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24 IS empowers leaders through flight leadership course

The 24 IS traces its history back to World War II. The unit was part of the Normandy invasion and one of the first intelligence units on the European continent.

U.S. Air Force Capt. Aislinn Miller, 24th Intelligence Squadron section commander, maintains gravesites during the Flight Leadership Course’s capstone event at Luxembourg American Cemetery June 14, 2018, at Luxembourg, Germany. The 24 IS traces its history back to World War II. The unit was part of the Normandy invasion and one of the first intelligence units on the European continent. (U.S. Air Force photo by Tech. Sgt. Darnell T. Cannady)

The course is senior noncommissioned and company-grade officer driven to empower flight commanders and chiefs while educating them on the resources available within their flights.

U.S. Air Force Maj. Reed Reichwald, 693rd Intelligence, Surveillance and Reconnaissance Group director of operational psychology, briefs the benefits of the Airmen Resiliency Teams to attendees at the Flight Leadership Course June 12, 2018, at Ramstein Air Base, Germany. The course is senior noncommissioned and company-grade officer driven to empower flight commanders and chiefs while educating them on the resources available within their flights. (U.S. Air Force photo by Tech. Sgt. Darnell T. Cannady)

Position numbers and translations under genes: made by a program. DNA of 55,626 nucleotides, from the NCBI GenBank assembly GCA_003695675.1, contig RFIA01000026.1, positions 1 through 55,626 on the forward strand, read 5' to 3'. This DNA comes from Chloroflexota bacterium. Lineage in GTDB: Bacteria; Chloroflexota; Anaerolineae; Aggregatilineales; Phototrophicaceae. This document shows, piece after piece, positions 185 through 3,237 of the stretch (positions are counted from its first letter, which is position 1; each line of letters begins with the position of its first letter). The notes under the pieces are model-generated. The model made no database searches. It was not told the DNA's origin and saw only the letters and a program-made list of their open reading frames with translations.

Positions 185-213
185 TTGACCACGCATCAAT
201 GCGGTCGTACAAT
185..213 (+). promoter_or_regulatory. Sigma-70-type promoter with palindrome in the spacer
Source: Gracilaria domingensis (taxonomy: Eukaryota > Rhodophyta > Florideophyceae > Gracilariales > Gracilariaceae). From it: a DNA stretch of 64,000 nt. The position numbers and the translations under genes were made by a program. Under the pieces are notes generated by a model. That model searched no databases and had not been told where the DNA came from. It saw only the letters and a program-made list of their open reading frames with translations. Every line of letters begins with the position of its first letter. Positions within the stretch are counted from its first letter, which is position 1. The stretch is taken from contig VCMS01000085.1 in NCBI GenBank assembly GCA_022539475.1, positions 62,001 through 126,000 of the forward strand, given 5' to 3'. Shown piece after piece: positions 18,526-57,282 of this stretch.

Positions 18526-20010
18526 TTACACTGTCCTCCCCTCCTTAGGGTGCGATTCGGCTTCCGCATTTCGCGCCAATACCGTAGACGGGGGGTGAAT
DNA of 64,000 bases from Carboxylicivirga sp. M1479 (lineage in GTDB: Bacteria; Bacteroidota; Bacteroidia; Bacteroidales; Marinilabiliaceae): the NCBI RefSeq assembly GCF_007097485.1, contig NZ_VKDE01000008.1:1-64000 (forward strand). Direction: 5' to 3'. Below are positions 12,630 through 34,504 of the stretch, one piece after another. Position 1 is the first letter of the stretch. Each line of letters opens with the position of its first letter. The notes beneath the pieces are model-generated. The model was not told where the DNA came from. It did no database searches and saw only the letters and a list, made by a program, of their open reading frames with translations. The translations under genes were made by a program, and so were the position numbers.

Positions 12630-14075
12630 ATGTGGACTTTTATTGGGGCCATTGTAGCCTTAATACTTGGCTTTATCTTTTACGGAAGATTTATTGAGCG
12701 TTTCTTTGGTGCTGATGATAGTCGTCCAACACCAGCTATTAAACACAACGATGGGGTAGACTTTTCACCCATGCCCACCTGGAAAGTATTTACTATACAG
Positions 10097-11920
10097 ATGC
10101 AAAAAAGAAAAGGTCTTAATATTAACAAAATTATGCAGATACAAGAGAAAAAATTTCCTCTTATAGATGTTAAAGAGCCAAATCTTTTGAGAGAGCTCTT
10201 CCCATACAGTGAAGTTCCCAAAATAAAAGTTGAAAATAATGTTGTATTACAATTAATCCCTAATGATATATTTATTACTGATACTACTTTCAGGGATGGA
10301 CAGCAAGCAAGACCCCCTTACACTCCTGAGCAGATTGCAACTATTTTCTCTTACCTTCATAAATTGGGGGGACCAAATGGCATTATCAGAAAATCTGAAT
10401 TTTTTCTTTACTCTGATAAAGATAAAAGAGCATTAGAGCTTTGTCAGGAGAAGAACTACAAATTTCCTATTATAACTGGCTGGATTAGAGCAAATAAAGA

The first two days of the course consisted of briefings from command leadership teams and Airmen Resiliency Teams, and ended with the one-day team building capstone event.

Members of the 24th Intelligence Squadron prepare Luxembourg and American flags for packaging at the Luxembourg American Cemetery during the Flight Leadership Course’s capstone event June 14, 2018, at Luxembourg, Germany. The first two days of the course consisted of briefings from command leadership teams and Airmen Resiliency Teams, and ended with the one-day team building capstone event. (U.S. Air Force photo by Tech. Sgt. Darnell T. Cannady)

The capstone event is a one-day event involving a hands-on team building event to build cohesiveness.

U.S. Air Force Master Sgt. Aaron Dvorak, 24th Intelligence Squadron, bundles American flags for packaging at the Luxembourg American Cemetery during the Flight Leadership Course’s capstone event June 14, 2018, at Luxembourg, Germany. The capstone event is a one-day event involving a hands-on team building event to build cohesiveness. (U.S. Air Force photo by Tech. Sgt. Darnell T. Cannady)

RAMSTEIN AIR BASE, Germany --

The 24th Intelligence Squadron held a senior noncommissioned officer and company grade officer  driven, three-day Flight Leadership Course June 12, 2018, at Ramstein Air Base, Germany. The intent of the course is to empower flight commanders and chiefs while also educating them on the resources available within their flights.

Commanding a flight is the first level of command as part of the Squadron Revitalization Plan, and it is an excellent opportunity for wing, group and squadron commanders to assess the potential of their most talented leaders.  This is also when commanders can begin targeted development as part of an overall talent management effort within their unit.